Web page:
Trans-Neptunian objects (TNOs) are among our primitive neighbors. Their characterization can provide invaluable clues to understanding the formation and evolution of the early Solar System. Equally interesting to study are Centaurs, a transient population of dynamically unstable objects with orbits between those of the Jupiter and Neptune, understood to consist primarily of objects transitioning between TNOs and Jupiter family comets. Stellar occultation remains one of the most powerful techniques by which to obtain ground-truth measurements of the size and shape of TNOs and Centaurs. In the year 2019, stellar occultation measurements for three Centaurs were obtained by the Research and Education Collaborative Occultation Network (RECON), a citizen science telescope network designed to observe high-uncertainty occultations by these distant bodies. The objects measured, 2014 YY49, (342842) 2008 YB3, and 2013 NL24, are among the smallest objects in the outer Solar System measured by occultation.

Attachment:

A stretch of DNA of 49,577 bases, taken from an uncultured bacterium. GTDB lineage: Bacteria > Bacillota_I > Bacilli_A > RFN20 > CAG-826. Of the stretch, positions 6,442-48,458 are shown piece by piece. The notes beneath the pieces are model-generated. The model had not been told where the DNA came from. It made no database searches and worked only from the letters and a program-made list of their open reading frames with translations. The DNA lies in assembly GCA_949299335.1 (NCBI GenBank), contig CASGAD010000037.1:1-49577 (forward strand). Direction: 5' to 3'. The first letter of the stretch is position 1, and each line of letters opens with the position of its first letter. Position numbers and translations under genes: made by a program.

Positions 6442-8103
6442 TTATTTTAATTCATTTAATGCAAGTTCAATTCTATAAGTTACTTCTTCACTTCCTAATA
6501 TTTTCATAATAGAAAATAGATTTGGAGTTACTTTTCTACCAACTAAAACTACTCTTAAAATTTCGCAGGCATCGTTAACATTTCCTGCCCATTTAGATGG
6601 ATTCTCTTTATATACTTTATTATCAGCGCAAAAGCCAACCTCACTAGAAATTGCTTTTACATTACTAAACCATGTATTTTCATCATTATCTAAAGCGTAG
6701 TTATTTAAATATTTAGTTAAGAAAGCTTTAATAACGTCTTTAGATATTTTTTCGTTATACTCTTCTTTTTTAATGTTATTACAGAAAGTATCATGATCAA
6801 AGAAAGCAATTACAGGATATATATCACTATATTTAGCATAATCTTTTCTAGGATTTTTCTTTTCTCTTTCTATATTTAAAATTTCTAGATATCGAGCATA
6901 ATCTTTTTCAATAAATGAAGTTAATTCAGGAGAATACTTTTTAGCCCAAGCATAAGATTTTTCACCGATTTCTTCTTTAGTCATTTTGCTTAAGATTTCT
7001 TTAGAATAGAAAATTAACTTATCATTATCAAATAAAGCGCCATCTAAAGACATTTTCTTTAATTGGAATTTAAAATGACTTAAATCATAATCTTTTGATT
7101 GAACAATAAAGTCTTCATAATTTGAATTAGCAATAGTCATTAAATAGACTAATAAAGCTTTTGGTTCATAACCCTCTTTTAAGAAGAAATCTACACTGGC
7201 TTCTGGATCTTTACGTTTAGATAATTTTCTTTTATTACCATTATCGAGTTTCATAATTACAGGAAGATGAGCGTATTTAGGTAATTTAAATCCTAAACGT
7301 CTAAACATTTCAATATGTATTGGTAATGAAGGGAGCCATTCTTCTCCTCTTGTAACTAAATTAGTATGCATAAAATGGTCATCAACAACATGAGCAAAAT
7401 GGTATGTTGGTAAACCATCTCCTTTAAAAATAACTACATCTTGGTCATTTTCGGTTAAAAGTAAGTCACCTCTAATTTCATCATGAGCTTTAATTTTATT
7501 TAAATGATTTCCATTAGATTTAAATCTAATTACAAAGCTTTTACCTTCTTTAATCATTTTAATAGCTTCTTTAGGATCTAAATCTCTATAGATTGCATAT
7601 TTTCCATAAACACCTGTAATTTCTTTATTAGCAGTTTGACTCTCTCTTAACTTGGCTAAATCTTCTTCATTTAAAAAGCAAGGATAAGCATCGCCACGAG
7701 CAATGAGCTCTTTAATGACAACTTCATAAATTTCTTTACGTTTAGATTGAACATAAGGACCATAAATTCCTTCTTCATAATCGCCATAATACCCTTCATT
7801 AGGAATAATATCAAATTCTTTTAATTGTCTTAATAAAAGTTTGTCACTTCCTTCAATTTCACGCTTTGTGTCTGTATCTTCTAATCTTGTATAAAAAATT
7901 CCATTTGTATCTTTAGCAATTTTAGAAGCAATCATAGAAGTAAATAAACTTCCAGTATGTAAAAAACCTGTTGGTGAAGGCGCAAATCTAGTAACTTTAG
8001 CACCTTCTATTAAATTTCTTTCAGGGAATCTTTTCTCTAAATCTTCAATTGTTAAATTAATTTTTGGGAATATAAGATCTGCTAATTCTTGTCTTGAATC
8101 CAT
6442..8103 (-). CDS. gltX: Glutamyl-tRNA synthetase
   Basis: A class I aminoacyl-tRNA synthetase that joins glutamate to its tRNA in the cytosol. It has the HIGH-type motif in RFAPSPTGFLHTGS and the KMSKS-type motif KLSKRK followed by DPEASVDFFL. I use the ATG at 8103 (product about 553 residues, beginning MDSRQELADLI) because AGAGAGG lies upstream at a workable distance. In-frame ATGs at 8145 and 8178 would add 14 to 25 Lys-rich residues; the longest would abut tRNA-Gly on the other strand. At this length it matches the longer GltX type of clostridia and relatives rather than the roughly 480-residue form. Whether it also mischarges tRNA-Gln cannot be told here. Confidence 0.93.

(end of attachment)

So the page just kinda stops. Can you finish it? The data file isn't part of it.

We present the methods and results of these three occultation efforts. We discuss the predictions, observations, and profile modeling techniques for the three centaurs. We will present the results of the modeling and the derived sizes and geometric albedos for each object, and for the brightest of these objects, 2008 YB3, we compare the occultation result with existing radiometric size estimates.
Funding for RECON was provided by grants from NSF AST-1413287, AST-1413072, AST-1848621, and AST-1212159